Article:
Posted by: Annabel Ascher | June 8, 2011

Reclaiming the Commons Part IV

The Seat of Power

The consolidation of corporate power
Even as the enclosure of the commons converted the peasant class into the proletariat, providing the treadmill with an unlimited labor supply, the disintegration of the cities and the specter of Blake’s “Dark satanic mills” gave the lie to the cornucopian notion of a ‘new Eden’ emerging from the maw of the factory. Yet, rather than being excoriated as frauds, the captains of industry were celebrated. In the United States, a place where the founders had distrusted corporations and had put provisions into the constitution to protect against corporate power, those provisions were being eaten away. By the mid-nineteenth century, corporations had quietly assumed the legal rights of persons in the United States, by subverting a constitutional amendment meant to protect former slaves. The age of the robber baron fell upon the world.
Of course there were protests against the human carnage that resulted from corporate rapine, and even some complaint against the effects on nature. The gilded age came to an end in a flurry of reforms, and though the machine never stopped turning (and no one would have expected it to- the general opinion was that the treadmill was a fine thing, but its owners just needed to behave properly) the barons played their activities down and bided their time.
World War I came and went, and the corporations became bold once more. By the advent of the Second World War, the proper conditions had arrived for a true consumer culture to meet the treadmill.
The birth of the consumer culture,
The scars of the depression, and sacrifices made to attain an allied victory in World War II left an America hungry for consumer goods. Any lingering doubts regarding possible costs or consequences were easy to put aside in the heady and naive days immediately following the war. As historian Lizbeth Cohen states:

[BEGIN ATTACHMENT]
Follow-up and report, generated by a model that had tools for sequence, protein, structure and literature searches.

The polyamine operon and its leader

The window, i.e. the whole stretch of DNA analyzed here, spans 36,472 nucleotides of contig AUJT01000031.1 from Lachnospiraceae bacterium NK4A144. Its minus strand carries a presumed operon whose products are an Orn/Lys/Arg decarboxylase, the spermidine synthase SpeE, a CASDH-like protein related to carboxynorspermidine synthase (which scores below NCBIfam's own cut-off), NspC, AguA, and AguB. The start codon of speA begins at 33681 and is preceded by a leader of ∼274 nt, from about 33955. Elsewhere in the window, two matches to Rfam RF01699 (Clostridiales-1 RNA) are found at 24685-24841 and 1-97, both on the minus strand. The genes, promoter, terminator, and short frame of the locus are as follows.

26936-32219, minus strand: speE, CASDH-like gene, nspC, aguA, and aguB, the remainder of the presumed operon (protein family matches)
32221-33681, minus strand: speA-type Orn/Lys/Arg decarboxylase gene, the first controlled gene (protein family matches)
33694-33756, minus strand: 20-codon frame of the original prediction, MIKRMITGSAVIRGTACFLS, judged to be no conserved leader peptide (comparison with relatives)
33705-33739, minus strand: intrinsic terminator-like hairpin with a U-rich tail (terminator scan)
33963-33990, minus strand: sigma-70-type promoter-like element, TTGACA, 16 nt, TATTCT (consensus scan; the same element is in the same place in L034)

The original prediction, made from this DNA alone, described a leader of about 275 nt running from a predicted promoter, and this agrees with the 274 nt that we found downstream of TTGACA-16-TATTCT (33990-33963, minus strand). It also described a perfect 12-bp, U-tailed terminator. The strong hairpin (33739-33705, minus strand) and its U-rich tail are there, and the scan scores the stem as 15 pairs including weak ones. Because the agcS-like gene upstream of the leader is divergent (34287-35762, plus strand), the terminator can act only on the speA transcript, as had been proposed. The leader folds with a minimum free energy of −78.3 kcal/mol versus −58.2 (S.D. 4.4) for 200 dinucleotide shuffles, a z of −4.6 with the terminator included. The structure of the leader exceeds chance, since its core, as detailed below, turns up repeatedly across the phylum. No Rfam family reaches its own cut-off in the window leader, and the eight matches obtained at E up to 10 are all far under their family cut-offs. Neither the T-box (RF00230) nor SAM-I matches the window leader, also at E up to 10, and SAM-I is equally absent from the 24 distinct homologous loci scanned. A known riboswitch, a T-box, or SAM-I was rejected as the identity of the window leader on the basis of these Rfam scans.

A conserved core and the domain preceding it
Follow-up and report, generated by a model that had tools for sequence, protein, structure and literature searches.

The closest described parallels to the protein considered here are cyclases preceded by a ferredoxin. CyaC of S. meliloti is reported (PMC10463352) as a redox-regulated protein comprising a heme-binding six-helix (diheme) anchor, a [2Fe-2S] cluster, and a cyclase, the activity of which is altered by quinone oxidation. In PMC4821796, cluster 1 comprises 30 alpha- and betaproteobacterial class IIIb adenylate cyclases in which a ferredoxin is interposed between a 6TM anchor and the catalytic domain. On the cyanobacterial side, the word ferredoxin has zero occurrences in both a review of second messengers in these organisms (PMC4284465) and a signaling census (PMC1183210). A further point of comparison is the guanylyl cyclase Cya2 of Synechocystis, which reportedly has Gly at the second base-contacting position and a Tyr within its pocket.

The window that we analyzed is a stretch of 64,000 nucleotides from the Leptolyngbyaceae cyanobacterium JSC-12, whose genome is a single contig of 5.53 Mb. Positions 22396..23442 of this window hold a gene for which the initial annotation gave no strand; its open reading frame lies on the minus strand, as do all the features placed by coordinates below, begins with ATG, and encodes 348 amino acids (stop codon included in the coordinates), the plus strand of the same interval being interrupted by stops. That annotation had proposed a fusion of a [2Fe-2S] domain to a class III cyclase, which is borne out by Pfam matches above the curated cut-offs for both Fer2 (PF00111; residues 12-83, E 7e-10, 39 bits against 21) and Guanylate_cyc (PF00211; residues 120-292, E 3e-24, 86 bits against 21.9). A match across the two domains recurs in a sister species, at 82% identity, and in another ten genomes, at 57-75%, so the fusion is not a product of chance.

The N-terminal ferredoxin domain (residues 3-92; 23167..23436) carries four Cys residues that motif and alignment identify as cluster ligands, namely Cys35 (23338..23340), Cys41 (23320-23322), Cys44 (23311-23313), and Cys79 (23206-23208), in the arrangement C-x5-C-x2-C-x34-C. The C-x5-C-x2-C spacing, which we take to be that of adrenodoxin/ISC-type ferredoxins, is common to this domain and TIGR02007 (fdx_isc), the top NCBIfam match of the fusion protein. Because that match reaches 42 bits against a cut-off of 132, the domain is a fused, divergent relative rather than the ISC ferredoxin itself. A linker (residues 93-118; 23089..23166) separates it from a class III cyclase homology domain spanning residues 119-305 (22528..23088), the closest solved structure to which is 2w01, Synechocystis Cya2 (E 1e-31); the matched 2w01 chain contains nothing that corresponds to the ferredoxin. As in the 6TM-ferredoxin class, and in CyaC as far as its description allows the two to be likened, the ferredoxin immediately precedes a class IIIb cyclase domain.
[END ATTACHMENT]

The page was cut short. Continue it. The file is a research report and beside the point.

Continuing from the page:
“The flourishing of mass consumption was first and foremost a route to recovery and sustained health of the economy, but it also provided a ready weapon in the political struggles of the cold war.”
As has been discussed above, the cold war was about the means of distribution, not the means of production. David C. Korten writes:
“The struggle between two extremist ideologies has been a central feature of the twentieth century. Communism calls for all power to the state. Market capitalism calls for all power to the market- a euphemism for giant corporations. Both ideologies lead to their own distinctive form of tyranny. The secret of Western success in World war II and the early post war period was not a free market economy; it was the practice of democratic pluralism built on institutional arrangements that sought to maintain the balance between the state and the market and to protect the right of an active citizenry to hold both accountable to the public interest.”
This balance is precisely what put paid to the robber barons. But in the years between the great reformers and the post war boom, certain conditions had arisen that prevented the mass population from seeing the troublesome developments that were starting to bubble up. Or if a particular population could see part of the problem, they could not see the whole picture, much less connect the cause back to its source- the treadmill of production. Presently I shall discuss the nature of the mystification that kept the people from connecting the dots, much less taking action. In this next section I shall discuss the disturbing developments.


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